Two men look at a broken window in an appartment in Donetsk, on February 12, 2015. (Vasily Maximov/AFP/Getty Images)

Paula J. Dobriansky, undersecretary of state for global affairs from 2001 to 2009, is a senior fellow at Harvard University’s Belfer Center for Science and International Affairs.

An enduring diplomatic solution to the Ukraine crisis has eluded negotiators. But even if the Minsk peace talks’ newly announced cease-fire were to hold, there is widespread agreement in the West that Russia has engaged in a quasi-war in Ukraine. Moscow has acted with some circumspection, employing intelligence agents and plainclothes special forces (the so-called little green men), but in the past several months, it has become much more brazen, deploying thousands of regular troops, backed up by artillery and armor. There is also consensus that Russian activities in Ukraine are destabilizing European security and have violated numerous international legal norms.

Unfortunately, a robust, punitive Western response, deterring Moscow from future misconduct, has been lacking. Even worse is that the West has proven unable to distinguish different types of Russian misconduct, much less to deal with them in a differentiated fashion.

Russia’s grave violations of international humanitarian norms, especially the law of armed conflict, should be a main target of Western criticism, drawing a decisive response. That response should come not only in the form of diplomatic and economic sanctions but also include investigations and prosecutions at the International Criminal Court at The Hague.

Moscow’s annexation of Crimea and its invasion of eastern Ukraine constitutes aggression in violation of the U.N. Charter, numerous European treaties and other international undertakings, but the ICC currently lacks jurisdiction to prosecute crimes of aggression. It does have ample authority to investigate crimes against humanity and certain types of war crimes, namely grave violations of the 1949 Geneva Conventions.

There is no doubt that numerous war crimes have been committed by Russian troops and Russia-controlled Ukrainian separatists. The most prominent examples include the July 17 downing of Malaysia Airlines Flight 17 and the Jan. 24 missile attack on the market in Mariupol. Both involved non-military targets, and hundreds of civilians perished. These actions constitute at best a reckless disregard of civilians during the conduct of military operations and at worst deliberate attacks on civilians. Under either interpretation, Russian President Vladi­mir Putin, who commands the armed forces, and the entire military chain of command have committed grave violations of the Geneva Conventions.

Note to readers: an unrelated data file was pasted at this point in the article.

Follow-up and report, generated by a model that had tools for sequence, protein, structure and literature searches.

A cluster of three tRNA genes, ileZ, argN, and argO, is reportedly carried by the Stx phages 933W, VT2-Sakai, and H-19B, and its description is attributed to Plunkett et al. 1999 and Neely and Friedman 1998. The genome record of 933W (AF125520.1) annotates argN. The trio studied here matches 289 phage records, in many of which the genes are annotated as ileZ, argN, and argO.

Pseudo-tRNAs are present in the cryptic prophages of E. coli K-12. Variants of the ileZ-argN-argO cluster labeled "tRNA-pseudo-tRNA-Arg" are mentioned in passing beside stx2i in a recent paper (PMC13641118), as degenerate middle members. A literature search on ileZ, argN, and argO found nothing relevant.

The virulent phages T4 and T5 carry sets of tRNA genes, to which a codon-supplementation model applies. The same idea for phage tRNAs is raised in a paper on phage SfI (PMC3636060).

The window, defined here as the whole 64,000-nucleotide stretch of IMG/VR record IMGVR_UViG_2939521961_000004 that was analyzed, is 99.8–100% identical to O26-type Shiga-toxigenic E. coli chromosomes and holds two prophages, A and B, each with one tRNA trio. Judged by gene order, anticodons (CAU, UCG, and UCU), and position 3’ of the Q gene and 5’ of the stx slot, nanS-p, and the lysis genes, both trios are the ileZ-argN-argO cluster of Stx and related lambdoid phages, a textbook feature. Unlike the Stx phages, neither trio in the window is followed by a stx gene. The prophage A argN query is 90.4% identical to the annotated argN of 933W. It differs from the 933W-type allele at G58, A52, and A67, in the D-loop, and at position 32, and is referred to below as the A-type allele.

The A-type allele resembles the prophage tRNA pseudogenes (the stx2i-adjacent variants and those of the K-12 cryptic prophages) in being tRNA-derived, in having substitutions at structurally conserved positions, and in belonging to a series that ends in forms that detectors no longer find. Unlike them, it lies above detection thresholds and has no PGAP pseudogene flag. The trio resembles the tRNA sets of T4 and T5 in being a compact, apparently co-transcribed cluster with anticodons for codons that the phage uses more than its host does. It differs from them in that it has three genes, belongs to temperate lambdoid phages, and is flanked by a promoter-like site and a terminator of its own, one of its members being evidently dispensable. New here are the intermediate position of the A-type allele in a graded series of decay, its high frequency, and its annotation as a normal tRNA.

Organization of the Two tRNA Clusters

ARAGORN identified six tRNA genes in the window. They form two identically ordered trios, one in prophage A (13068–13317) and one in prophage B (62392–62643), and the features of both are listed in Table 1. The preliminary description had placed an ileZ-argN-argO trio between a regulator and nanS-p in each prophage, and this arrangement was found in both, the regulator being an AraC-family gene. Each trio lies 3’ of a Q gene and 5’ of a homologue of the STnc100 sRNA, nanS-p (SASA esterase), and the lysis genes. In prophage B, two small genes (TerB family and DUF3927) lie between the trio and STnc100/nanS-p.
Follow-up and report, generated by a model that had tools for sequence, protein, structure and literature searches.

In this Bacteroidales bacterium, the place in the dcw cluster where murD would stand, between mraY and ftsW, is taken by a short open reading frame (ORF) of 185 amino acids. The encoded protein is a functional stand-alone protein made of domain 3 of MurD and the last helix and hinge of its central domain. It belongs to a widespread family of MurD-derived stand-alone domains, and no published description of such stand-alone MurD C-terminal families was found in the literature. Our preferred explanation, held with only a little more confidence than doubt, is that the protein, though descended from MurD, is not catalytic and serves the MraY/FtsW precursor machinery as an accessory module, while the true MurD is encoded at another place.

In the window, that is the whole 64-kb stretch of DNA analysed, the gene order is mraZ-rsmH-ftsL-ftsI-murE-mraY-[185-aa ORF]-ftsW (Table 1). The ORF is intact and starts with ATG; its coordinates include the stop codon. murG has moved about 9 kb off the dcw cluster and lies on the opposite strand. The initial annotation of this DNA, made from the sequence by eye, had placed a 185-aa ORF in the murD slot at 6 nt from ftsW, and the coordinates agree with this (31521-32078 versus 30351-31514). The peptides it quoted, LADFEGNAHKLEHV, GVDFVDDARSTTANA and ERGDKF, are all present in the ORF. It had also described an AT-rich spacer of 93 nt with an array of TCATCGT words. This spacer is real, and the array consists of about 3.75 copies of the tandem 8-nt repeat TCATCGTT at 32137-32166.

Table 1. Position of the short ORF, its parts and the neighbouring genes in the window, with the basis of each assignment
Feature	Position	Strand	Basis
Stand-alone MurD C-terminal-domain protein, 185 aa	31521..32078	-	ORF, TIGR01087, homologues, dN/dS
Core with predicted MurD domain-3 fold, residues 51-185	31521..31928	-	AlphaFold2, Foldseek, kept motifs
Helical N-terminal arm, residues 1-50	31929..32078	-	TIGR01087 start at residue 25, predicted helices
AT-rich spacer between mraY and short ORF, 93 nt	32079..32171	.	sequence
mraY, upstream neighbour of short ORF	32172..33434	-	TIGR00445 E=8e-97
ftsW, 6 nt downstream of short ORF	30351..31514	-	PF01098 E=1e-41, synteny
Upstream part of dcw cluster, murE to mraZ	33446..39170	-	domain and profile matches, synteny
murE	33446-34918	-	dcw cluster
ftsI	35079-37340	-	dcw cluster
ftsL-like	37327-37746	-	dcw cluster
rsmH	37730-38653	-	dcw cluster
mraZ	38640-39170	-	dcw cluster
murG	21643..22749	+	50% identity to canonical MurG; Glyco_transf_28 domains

Significantly, unlike some other investigations the ICC has undertaken, the legal basis for ICC jurisdiction over Ukrainian territory is well established. Ukraine signed the Rome Statute — the treaty that established the court — and sought to ratify it, only to be told by the country’s Constitutional Court that the treaty was inconsistent with the Ukrainian constitution. (Russia has also signed the Rome Statute but has yet to ratify it.)

Even though Ukraine is not an ICC member, it has granted the ICC jurisdiction to investigate allegations of crimes against humanity that it believes were committed during the tenure of former president Viktor Yanukovych, focusing particularly on the period from Nov. 21, 2013, to Feb. 22, 2014. Russia’s annexation of Crimea and its invasion of Eastern Ukraine took place after that, but nothing prevents the Ukrainian government from broadening the scope of its original ICC referral to include Russian military operations in Ukraine. Such a referral would be given additional legal and symbolic weight if it were supported by the existing ICC state parties, a scenario clearly provided for under court rules.

Of late, the ICC has sought to broaden the scope of its investigations and prosecutions. Toward that end, it has accepted the Palestinian bid to become a member of the court, despite the fact that Palestine does not satisfy most of the traditional attributes of state sovereignty. Even before that, the ICC indicated that it had jurisdiction to investigate Israel’s military operations in Gaza. These decisions are both legally questionable and enmesh the court into hotly contested Middle Eastern issues. Neither decision has helped the ICC’s still-uncertain reputation for legal probity and absence of political bias.

Hence, the court’s failure to take action against Moscow’s war crimes casts doubt on its integrity. This is particularly poignant because the ICC was created to ensure that war criminals would not be accorded immunity and that purely legal imperatives, rather than politics, would drive prosecutorial actions. As such, the ICC’s inaction should be of grave concern to European states and nongovernmental humanitarian organizations, particularly the International Committee of the Red Cross, which have been the primary movers in the Rome Statute negotiations.

Failure to call Russia to account will only embolden Moscow to continue on its course of action. Pragmatic and legal imperatives call for a course correction. This is a rare circumstance in international affairs, and it’s one not to be forfeited. As European leaders continue to consider how to deal with Russia’s aggression, the ICC investigation of Russian war crimes should be at the top of the agenda.